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Vertebroplasty

Vertebroplasty

The spine is one of the most common sites of metastasis. Vertebral bodies involved by the tumour may become painful and may eventually fracture. Surgical intervention with reconstruction of the spinal column is indicated only if the tumour causes compression of the spinal cord or instability of the spine. Vertebroplasty is an outpatient procedure performed using conscious sedation. An Interventional Radiologist inserts a needle through a small incision in the back, directing it under fluoroscopy (continuous, moving X-ray imaging) into the fractured vertebra. The physician then injects a medical-grade bone cement into the vertebra. The cement hardens within about 15 minutes and stabilises the fracture. This treatment reduces pain, prevents further collapse of the vertebra, and restores mobility. Vertebroplasty dramatically improves back pain within hours of the procedure, provides long-term pain relief and has a low complication rate, as demonstrated in multiple studies.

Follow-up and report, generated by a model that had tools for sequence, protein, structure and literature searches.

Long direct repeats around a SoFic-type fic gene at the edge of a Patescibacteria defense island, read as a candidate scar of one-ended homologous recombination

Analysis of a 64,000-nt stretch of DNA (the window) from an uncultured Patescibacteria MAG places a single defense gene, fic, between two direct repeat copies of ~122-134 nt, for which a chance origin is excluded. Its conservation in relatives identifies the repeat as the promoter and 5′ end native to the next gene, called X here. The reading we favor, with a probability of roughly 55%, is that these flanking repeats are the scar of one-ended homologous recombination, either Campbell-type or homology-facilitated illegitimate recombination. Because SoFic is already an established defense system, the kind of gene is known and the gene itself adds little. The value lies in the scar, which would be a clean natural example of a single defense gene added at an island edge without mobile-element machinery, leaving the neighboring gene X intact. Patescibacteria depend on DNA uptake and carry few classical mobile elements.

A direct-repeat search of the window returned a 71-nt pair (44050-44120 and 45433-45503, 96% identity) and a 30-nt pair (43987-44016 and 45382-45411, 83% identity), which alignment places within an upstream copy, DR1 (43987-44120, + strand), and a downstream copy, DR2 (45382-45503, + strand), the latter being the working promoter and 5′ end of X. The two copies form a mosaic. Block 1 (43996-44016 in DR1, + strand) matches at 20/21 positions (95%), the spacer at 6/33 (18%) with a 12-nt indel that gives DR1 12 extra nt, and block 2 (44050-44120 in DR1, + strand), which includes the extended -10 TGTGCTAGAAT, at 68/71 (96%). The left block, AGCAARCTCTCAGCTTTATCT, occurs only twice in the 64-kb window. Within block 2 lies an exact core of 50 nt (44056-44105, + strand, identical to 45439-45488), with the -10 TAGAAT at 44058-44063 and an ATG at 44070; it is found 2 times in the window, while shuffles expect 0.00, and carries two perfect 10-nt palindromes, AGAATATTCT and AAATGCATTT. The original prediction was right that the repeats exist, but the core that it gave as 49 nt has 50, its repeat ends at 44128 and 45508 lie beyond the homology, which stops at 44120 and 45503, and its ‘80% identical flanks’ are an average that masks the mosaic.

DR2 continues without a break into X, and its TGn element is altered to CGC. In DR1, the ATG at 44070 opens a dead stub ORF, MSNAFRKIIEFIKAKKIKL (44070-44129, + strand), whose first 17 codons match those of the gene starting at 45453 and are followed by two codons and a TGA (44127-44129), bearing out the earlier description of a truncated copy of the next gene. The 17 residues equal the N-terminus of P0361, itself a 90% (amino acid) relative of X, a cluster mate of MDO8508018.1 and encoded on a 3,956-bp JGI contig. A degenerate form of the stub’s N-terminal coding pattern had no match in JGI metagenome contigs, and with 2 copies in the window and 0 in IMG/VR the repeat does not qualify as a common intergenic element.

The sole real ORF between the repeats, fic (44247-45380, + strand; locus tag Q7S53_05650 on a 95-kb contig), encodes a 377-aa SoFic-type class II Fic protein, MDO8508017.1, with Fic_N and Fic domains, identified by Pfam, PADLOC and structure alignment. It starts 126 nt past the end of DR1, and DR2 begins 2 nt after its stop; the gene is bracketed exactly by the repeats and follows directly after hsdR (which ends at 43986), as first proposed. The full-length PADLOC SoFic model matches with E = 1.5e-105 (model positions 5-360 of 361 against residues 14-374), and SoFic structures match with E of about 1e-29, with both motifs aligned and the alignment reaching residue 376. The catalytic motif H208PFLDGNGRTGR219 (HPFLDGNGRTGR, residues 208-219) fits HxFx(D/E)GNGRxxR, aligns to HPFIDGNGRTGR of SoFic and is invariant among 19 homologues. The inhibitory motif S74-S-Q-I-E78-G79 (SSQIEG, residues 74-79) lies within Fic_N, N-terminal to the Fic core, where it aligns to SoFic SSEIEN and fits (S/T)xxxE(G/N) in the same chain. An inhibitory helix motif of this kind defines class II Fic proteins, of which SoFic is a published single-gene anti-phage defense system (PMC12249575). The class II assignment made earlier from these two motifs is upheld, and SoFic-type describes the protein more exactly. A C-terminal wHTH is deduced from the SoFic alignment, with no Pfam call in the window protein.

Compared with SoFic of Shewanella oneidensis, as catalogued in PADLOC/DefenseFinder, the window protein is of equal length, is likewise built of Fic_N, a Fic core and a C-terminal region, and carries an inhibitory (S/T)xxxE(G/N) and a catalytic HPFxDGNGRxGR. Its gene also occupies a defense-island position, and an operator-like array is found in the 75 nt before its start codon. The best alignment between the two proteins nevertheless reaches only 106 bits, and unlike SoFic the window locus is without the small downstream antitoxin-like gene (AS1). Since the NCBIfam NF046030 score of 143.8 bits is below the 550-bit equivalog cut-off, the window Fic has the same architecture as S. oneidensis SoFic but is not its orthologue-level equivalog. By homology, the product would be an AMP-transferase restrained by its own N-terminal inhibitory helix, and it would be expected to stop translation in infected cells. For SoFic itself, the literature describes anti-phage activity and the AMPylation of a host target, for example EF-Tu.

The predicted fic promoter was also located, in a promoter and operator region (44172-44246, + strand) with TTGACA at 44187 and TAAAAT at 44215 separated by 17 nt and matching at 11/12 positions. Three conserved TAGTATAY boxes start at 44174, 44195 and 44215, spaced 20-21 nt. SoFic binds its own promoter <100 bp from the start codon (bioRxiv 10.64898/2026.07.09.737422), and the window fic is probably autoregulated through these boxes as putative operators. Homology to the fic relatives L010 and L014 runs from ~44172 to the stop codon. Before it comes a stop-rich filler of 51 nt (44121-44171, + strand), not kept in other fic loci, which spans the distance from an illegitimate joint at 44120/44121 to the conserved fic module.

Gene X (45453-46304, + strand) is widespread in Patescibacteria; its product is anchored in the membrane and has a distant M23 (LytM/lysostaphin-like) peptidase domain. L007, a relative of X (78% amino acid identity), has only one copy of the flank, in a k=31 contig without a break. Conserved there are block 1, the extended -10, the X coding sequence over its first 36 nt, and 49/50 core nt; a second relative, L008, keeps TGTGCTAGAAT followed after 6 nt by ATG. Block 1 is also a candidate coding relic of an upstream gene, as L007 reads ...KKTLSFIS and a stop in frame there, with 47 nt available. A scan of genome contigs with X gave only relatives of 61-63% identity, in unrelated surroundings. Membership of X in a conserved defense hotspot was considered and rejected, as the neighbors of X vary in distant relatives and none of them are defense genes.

Bone cement is injected to stabilise collapsed bones in the spine and relieve pain.